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Solar irrigation cuts drought risk, emissions for Kenya's farmers
by Benson Rioba
Thomson Reuters Foundation Translate This Article
28 November 2016
On 28 November 2016 Thomson Reuters Foundation reported:
In the scorching sun, Alphonce Abok keeps an eye on his fields of watermelons growing near the banks of the Sound River, one of the major channels feeding into Lake Victoria. Not so long ago, he said, his efforts failed as he couldn't get enough water to the crop. In July, however, he purchased a solar-powered irrigation pump that he now hopes will give him a much more reliable harvest. ...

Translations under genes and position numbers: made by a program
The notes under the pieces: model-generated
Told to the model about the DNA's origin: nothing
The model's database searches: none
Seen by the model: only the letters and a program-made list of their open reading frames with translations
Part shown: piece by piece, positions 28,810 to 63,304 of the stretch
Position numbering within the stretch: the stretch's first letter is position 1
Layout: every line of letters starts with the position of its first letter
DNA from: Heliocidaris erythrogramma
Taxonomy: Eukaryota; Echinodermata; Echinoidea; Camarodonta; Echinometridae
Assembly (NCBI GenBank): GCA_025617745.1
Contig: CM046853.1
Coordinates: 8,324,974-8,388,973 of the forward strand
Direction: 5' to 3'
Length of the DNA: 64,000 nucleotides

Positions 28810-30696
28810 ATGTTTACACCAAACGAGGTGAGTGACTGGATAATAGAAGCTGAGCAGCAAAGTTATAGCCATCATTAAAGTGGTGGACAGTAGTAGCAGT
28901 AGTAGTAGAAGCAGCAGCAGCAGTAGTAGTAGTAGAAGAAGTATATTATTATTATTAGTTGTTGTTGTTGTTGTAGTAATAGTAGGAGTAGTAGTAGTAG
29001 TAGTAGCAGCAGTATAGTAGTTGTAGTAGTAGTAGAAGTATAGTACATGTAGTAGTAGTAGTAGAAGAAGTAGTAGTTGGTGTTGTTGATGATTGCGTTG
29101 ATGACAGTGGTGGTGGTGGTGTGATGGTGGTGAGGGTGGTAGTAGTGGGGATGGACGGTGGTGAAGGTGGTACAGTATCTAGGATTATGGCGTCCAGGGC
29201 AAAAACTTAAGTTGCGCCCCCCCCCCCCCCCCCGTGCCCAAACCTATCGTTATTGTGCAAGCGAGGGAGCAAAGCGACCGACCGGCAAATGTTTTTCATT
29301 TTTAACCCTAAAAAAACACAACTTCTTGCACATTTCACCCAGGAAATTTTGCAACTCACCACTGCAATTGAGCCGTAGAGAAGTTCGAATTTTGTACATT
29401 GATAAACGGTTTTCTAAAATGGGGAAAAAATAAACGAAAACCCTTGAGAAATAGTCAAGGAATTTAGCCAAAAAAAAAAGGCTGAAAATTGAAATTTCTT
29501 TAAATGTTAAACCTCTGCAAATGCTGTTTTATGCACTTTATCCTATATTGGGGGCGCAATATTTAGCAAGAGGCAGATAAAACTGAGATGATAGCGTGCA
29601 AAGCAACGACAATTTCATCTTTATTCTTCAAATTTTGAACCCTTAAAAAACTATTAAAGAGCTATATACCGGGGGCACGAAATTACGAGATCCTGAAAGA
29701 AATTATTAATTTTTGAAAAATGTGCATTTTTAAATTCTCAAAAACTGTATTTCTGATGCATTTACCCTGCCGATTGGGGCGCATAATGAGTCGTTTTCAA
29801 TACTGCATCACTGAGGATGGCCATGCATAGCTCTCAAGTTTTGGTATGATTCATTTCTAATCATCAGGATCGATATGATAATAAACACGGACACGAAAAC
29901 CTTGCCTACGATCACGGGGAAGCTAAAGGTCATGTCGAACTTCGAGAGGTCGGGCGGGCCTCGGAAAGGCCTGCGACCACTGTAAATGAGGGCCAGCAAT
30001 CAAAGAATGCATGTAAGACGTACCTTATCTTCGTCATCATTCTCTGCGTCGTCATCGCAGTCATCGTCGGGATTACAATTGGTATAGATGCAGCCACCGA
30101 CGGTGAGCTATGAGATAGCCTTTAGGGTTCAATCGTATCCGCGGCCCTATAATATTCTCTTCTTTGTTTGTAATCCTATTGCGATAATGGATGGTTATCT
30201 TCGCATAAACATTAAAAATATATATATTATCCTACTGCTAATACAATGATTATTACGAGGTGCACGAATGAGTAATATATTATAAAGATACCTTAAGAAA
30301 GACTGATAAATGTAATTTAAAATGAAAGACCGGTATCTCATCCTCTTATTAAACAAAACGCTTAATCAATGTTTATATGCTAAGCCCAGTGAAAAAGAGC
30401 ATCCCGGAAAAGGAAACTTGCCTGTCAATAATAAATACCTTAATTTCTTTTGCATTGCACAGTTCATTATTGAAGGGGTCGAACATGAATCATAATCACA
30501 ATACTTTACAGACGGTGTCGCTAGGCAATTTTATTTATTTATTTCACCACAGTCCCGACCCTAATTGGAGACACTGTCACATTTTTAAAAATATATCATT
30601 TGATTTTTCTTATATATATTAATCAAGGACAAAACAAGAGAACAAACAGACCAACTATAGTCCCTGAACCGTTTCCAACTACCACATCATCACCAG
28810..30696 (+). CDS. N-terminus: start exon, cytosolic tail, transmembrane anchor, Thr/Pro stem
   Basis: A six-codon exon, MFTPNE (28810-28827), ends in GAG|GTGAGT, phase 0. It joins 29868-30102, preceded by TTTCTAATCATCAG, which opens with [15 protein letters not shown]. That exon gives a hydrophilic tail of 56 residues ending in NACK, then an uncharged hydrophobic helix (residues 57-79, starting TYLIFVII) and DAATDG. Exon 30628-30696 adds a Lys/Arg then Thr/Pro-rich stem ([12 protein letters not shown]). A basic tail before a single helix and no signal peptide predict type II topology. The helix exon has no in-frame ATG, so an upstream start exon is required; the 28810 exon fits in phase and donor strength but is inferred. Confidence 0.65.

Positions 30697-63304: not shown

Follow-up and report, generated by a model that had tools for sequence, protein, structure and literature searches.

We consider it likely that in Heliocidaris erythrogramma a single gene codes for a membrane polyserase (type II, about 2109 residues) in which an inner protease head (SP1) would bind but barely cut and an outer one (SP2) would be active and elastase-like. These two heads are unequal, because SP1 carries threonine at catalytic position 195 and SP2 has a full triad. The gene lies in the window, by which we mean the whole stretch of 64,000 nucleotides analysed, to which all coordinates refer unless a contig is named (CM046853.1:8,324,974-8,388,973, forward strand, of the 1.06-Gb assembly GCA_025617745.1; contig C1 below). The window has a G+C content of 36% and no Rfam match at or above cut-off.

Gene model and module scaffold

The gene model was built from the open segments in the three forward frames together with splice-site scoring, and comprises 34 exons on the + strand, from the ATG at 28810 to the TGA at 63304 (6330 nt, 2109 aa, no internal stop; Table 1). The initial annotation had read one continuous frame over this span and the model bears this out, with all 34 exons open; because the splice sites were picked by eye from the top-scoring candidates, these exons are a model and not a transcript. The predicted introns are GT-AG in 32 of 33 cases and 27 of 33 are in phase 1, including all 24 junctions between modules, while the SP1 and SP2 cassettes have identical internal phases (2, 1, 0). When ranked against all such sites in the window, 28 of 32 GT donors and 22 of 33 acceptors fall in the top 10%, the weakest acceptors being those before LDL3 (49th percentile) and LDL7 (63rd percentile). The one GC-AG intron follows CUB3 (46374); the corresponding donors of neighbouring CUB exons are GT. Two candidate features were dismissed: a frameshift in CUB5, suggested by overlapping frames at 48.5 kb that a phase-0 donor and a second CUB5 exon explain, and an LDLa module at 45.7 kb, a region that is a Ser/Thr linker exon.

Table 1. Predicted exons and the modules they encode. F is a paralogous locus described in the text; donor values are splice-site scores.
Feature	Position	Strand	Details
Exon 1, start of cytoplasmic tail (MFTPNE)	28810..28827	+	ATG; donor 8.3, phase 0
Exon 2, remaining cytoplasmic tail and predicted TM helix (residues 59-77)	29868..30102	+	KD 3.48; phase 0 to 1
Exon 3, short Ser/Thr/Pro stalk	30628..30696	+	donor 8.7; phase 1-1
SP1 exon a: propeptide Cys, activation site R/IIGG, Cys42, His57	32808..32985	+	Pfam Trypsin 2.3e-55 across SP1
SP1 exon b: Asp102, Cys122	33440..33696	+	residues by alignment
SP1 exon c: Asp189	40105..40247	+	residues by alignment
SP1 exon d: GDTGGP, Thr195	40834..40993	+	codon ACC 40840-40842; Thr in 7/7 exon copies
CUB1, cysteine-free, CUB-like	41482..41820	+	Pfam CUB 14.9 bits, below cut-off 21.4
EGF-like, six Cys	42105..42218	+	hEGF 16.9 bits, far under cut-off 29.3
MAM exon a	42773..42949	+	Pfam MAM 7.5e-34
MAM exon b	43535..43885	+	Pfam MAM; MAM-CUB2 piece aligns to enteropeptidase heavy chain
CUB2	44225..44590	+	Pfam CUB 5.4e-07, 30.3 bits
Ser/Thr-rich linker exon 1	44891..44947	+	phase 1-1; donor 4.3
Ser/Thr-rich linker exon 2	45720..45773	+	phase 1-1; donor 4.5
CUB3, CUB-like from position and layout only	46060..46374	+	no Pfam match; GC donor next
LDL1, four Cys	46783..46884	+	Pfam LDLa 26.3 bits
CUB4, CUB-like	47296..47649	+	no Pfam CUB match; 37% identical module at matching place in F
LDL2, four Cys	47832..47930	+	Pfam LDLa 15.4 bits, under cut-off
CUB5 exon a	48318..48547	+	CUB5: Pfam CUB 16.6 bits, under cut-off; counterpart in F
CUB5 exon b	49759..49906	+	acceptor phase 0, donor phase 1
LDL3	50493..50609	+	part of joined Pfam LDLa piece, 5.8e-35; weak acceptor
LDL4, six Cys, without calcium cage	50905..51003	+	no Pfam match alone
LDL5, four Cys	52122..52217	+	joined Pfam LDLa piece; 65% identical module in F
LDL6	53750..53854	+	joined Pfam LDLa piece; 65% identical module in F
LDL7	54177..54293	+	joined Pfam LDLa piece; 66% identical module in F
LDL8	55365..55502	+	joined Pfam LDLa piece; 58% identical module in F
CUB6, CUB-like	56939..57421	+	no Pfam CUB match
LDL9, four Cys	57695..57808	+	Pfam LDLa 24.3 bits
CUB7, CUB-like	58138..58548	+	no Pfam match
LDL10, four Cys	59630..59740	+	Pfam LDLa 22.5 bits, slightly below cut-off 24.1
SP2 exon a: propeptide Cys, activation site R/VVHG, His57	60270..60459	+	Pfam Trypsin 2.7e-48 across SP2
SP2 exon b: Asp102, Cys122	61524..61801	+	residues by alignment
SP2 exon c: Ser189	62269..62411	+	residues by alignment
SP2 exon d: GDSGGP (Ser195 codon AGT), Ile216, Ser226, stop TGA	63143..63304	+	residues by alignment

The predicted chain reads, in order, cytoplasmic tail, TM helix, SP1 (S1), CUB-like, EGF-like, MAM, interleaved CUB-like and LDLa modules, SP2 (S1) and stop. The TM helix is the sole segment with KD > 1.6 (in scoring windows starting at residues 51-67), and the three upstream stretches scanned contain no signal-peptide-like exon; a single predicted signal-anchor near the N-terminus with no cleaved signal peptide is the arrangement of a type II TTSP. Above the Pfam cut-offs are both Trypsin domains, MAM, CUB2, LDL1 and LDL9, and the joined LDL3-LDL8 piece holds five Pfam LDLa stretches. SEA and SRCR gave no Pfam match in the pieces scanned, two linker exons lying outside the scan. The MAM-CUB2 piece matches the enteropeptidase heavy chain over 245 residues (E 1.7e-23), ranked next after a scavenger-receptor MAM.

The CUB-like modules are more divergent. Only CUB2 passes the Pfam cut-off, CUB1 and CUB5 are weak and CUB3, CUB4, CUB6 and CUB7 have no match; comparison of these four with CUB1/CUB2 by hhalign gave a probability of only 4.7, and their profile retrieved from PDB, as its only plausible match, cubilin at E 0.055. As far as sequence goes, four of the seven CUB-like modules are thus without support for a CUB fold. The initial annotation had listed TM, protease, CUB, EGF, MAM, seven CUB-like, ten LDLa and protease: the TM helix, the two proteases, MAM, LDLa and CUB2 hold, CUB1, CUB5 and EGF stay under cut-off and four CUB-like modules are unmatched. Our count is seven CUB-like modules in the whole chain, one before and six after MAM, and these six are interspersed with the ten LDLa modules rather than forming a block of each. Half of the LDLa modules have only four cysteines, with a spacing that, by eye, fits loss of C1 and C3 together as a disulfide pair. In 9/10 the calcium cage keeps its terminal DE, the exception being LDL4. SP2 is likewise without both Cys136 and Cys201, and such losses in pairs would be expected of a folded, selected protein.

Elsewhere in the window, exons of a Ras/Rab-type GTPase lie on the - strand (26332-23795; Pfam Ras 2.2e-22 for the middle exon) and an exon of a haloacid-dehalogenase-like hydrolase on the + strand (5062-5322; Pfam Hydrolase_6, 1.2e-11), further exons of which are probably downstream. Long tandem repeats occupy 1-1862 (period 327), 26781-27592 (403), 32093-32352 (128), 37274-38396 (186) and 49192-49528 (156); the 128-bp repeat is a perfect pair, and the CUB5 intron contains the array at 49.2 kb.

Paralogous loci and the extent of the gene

Global Good News service views this news as a sign of rising positivity in the fields of science and environment, documenting the growth of life-supporting, evolutionary trends.
Abok used to use a diesel irrigation pump that cost nearly $10 a day in fuel to run, and often drained his budget, as well as being noisy and smoky, he said.
His new $637 pump required a $414 down payment, with $25 a month repayments until it is paid off.
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